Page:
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McIlroy and golf's cloistered world

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Rory McIlroy on the golf course (Newscom/Jim Dedmon)

Winsome winners are the rarity in professional sports. We put up with overpaid and undercontrolled athletes who berate umpires (baseball), shove refs (basketball), curse line judges (tennis), bite ears (boxing), butt heads (soccer), hot dog in end zones (football), blood-dope (bicycling), shill for corporate America, and have oceanic egos.

Into this drossy scene comes Rory McIlroy. Small wonder the 22-year-old golfer from Northern Ireland finds himself bathed in praise, affection and gratitude after winning the U.S. Open in mid-June in Bethesda, Md. He won praise for the record-setting low score of 16 under par that none of the game’s greats ever approached, and affection for his guileless affability and gratitude for keeping his sport and himself in context: Golf is only a game and he is only one of many with a talent for it. No matter how far and straight McIlroy drives a golf ball or how curving the putts he sinks, he lives, like the rest of us, in a world racked by war, famine and poverty.

Days before the Open, the young Irishman was in Haiti -- about the last place you’d expect to see a golfer prepping for a major tournament. McIlroy, who came for a two-day visit as part of his commitment to serve as a UNICEF Ireland Ambassador, met with families still recovering from the January 2010 earthquake. He spent time with children in newly built schools, the sick in camps for the homeless, and medical staffs in birthing centers. After the quake, every inch of the greens and fairways of a golf course in Port-au-Prince had become a swarming tent city for the displaced.

“There’s stuff there I never thought I’d see in my life,” McIlroy said of his Haitian stay. “A little bit of perspective now and again is a good thing.”

In the cloistered world of bigtime golf, the enclosures are the fenced-off country clubs that earn extra cash by hosting PGA tournaments. McIlroy’s win came at Congressional Country Club, where the initiation tab tops $100,000. The kempt and well-gated haven, founded in 1924 during the Coolidge administration by two Indiana Republican congressmen, is so overrun with lobbyists, corporate grandees and dealmakers that it ought to be named Fixers Country Club.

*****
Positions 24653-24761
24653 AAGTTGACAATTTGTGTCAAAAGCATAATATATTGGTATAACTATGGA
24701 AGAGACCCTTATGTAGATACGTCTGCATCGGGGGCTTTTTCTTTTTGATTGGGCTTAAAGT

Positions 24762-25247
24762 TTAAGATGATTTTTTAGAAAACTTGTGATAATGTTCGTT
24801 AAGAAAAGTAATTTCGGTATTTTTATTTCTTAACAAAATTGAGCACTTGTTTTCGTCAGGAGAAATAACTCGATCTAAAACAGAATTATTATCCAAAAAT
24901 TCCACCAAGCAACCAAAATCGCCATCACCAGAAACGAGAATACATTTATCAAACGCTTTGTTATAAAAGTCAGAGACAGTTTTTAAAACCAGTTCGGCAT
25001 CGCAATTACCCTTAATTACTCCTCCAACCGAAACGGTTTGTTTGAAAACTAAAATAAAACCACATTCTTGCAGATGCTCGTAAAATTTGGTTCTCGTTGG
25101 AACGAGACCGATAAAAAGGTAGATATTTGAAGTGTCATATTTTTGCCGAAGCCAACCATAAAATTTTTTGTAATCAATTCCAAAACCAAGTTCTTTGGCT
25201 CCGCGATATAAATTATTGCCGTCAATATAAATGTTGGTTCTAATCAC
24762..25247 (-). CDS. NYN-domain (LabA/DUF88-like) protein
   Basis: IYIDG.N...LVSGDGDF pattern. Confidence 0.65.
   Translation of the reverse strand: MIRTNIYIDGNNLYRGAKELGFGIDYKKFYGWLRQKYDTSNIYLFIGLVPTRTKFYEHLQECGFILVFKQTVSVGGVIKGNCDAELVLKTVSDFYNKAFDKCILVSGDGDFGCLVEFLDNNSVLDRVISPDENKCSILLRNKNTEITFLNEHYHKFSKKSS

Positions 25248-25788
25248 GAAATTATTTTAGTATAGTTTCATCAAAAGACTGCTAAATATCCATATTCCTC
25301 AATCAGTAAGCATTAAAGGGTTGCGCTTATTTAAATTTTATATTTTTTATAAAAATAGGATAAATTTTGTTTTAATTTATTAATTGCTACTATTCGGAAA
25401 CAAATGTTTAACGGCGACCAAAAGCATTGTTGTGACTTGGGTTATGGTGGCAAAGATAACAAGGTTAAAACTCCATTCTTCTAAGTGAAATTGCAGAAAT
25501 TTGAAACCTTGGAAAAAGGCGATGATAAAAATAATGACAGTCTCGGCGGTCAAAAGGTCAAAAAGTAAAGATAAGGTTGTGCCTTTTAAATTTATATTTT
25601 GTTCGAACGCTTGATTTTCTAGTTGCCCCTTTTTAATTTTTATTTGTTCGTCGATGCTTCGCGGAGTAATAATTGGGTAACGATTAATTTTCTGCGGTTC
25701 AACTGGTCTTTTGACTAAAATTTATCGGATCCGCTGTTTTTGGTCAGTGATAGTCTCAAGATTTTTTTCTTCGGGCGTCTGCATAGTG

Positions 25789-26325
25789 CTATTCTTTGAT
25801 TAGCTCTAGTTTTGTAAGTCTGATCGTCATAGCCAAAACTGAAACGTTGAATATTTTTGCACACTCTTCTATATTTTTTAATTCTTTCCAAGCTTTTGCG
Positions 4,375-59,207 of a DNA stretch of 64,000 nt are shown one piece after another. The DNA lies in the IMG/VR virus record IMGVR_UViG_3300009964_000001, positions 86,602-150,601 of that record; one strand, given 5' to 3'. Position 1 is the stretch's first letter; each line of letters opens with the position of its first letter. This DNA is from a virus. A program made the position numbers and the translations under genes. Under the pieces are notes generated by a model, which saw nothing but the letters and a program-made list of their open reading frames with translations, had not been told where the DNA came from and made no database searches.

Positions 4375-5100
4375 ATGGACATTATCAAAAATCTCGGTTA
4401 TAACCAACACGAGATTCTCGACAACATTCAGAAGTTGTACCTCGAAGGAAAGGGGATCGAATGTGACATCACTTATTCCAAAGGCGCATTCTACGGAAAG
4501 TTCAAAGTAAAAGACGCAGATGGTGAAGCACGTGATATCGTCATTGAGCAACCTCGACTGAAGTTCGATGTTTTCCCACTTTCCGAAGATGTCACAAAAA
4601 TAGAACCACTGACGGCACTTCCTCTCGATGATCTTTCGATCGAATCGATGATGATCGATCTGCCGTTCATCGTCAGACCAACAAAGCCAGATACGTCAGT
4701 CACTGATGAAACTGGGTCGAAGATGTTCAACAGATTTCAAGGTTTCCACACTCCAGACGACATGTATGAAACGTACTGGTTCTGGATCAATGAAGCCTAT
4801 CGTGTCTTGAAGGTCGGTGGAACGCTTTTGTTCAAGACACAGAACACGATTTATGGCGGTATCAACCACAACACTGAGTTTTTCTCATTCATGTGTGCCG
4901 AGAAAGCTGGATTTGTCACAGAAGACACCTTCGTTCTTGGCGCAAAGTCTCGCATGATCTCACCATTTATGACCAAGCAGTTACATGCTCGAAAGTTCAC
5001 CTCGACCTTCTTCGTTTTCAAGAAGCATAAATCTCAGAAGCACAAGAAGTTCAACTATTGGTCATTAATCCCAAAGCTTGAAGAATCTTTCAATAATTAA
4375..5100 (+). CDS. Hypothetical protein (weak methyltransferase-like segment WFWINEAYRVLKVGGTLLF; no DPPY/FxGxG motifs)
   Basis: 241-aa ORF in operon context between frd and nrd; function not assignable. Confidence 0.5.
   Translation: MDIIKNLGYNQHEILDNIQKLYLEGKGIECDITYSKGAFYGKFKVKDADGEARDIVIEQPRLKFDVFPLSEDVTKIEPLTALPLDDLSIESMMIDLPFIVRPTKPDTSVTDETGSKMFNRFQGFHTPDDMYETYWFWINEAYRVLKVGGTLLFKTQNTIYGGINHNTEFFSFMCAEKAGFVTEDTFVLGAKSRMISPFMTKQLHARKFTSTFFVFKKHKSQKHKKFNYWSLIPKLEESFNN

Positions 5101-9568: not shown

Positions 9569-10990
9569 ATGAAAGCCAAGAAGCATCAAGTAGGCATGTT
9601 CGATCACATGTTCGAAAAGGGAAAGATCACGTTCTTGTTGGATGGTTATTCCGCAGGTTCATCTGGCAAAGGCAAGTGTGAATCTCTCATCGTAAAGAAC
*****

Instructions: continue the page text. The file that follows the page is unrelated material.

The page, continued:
Want to backslap or elbow-rub a senator who heads the banking committee or the chairperson of a House tax-writing subcommittee? Invite them out for 18 holes. The matchup is perfect: Politicians freeload and lobbyists freewheel. Better yet, the golf, food and booze can be written off as business expenses. For years, members of Congress had their dues waived. The course became so clogged with the Tip O’Neills, Dan Quayles, Tom DeLays and Dan Rostenkowskies that management called a halt. Only presidents were given free golf. That, too, became disruptive.

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In the early 1990s, when Bill Clinton and his entourage became regulars at Congressional, the massive security detail, in addition to hiding behind trees and under bushes, had to ward off danger by sweeping adjacent fairways of players. The latter’s complaints were strong enough to persuade Clinton to do his swinging -- the golf kind -- elsewhere. He chose the fairways of Andrews Air Force Base, one of some 230 golf courses the Pentagon operates worldwide for the warrior class.

It was at Andrews that Barack Obama and John Boehner, on the same weekend in June that Rory McIlroy was scorching Congressional, had what the media called the Golf Summit. With jobs and unemployment on their minds, it was a moment for action: by taking caddies. The pay is good: $50 a bag at some clubs, $100 for two. Instead, Obama and Boehner, with Joe Biden and John Kasich in the foursome, joy rode in golf carts.

The question now is whether Boehner will invite Obama to play at the Speaker’s course: the Burning Tree Club, a couple of par fives from Congressional. It will never happen. It has a male-only membership, which apparently doesn’t bother man-of-the-people Boehner but which would be disastrous for women’s-vote-conscious Obama. The only time females are allowed on the property of Burning Tree is the week before Christmas when they are allowed to buy presents at the pro shop for their husbands.

For now, let’s just sigh -- and then embrace McIlroy and hope that what touched his soul in Haiti will mean as much to him as how he touched his fans at Congressional.

[Colman McCarthy directs the Center for Teaching Peace in Washington and teaches courses on nonviolence at four universities and two high schools.]

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